Record depletion of ozone over Arctic
Geneva, April 5, 2011
Record loss of the ozone, the atmosphere layer that shields life from the sun's harmful rays, has been observed over the Arctic in recent months, the World Meteorological Organization said on Tuesday.
"Depletion of the ozone...has reached an unprecedented level over the Arctic this spring because of the continuing presence of ozone-depleting substances in the atmosphere and a very cold winter in the stratosphere," the WMO said in a statement.
Observations from the ground, balloons and satellites show that the region has suffered an ozone column loss of about 40 percent from the beginning of the winter to late March, according to the United Nations agency.
The highest ozone loss previously recorded over the Arctic, about 30 percent, occured in several seasons over the past 15 years or so, according to a WMO spokeswoman.
"If the ozone depleted area moves away from the pole and towards lower latitudes one can expect increased ultraviolet (UV) radiation as compared to the normal for the season," WMO said, adding that the public should check their national UV forecasts.
But any increase in UV radiation over lower latitudes away from the Arctic -- which could affect parts of Canada, Nordic countries, Russia and Alaska in the United States -- would not be of the same intensity as one suffers in the tropics, it said.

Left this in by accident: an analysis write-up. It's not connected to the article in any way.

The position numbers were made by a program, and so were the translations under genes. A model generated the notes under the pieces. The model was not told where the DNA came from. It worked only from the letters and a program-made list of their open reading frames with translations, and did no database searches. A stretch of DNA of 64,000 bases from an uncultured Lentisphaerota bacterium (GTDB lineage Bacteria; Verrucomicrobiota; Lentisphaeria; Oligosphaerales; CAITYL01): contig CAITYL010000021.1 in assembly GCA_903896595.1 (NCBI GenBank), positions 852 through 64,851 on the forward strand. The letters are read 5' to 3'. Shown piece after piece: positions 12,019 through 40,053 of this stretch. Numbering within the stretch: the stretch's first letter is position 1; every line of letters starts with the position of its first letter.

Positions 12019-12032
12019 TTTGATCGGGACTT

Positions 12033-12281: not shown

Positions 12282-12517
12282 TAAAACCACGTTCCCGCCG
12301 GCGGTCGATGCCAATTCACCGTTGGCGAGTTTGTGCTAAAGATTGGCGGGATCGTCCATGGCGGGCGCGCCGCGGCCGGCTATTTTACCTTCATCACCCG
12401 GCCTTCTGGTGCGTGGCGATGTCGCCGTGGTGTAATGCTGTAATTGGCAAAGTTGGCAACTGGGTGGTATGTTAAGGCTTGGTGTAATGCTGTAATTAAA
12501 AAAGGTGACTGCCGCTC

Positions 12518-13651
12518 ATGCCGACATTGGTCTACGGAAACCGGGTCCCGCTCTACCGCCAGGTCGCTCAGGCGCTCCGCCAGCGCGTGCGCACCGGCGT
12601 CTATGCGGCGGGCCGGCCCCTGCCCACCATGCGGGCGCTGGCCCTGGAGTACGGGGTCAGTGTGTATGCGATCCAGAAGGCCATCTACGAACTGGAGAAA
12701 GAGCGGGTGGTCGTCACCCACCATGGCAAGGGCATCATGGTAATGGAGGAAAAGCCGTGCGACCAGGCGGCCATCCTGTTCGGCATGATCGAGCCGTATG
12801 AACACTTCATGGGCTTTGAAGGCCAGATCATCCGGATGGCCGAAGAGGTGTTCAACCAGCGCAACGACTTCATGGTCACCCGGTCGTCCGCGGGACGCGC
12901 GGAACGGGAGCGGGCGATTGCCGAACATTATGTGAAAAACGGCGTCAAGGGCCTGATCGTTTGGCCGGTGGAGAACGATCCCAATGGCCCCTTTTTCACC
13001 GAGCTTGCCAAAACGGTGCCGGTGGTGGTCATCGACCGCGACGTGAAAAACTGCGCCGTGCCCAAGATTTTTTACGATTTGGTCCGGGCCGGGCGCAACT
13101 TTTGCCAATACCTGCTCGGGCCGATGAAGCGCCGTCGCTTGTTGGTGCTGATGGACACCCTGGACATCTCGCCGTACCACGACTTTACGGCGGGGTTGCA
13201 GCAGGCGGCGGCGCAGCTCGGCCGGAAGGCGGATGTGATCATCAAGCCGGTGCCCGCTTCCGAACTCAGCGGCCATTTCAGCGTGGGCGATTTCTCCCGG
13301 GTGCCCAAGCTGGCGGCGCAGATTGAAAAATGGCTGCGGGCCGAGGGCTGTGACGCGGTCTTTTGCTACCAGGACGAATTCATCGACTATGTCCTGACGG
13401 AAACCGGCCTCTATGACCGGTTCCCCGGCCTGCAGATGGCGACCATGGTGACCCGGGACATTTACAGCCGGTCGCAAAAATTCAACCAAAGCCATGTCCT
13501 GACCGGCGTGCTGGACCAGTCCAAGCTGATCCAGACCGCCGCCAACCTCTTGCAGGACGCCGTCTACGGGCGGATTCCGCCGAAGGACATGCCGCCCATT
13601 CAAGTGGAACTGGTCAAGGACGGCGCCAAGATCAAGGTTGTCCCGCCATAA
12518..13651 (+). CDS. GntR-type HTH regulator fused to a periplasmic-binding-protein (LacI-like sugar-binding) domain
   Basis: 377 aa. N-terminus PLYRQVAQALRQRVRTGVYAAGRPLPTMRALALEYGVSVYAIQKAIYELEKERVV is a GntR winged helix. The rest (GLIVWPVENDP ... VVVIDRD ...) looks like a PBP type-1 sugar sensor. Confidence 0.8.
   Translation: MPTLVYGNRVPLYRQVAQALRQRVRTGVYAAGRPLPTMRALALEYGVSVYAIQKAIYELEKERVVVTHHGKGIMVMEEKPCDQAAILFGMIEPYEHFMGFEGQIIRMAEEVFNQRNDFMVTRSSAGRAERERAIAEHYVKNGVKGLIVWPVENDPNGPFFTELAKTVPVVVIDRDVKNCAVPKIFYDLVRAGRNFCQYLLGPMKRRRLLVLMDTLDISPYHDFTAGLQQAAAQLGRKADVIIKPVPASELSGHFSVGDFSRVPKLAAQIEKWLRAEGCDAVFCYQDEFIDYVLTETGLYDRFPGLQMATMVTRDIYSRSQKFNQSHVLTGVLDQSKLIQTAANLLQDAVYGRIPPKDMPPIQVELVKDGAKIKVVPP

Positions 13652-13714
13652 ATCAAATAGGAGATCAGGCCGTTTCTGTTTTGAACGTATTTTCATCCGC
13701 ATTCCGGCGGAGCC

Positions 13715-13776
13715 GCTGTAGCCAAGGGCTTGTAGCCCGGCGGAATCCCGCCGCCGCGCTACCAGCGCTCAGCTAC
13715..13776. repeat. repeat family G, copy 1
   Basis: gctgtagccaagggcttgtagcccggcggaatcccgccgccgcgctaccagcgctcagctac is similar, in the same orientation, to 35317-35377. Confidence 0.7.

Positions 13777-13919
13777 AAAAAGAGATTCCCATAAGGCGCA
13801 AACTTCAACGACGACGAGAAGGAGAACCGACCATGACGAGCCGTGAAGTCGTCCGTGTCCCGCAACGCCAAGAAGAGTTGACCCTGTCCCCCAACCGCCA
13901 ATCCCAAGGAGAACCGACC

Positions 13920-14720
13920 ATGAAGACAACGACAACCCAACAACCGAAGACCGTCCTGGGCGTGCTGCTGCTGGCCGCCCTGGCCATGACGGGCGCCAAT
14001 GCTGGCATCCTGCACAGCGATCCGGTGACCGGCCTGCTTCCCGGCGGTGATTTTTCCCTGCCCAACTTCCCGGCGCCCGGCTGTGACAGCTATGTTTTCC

UV-B rays have been linked to skin cancer, cataracts and damage to the human immune system. "Some crops and forms of marine life can also suffer adverse effects," the agency said.
Unlike over Antarctica, large ozone loss is not an annually recurring phenomenon in the Arctic stratosphere, where meteorological conditions vary much more each year.
The record ozone loss over the Arctic comes despite the "very successful" Montreal Protocol aimed at cutting production and consumption of ozone-destroying chemicals such as chlorofluorocarbons (CFCs) and halons, the WMO said.
The substances were once present in refrigerators, spray cans and fire extinguishers, but have been phased out. Nevertheless, due to the long lifetimes of these compounds in the atmosphere, it will take several decades before their concentrations return to pre-1980 levels, the target laid down in the 1987 pact, it said. - Reuters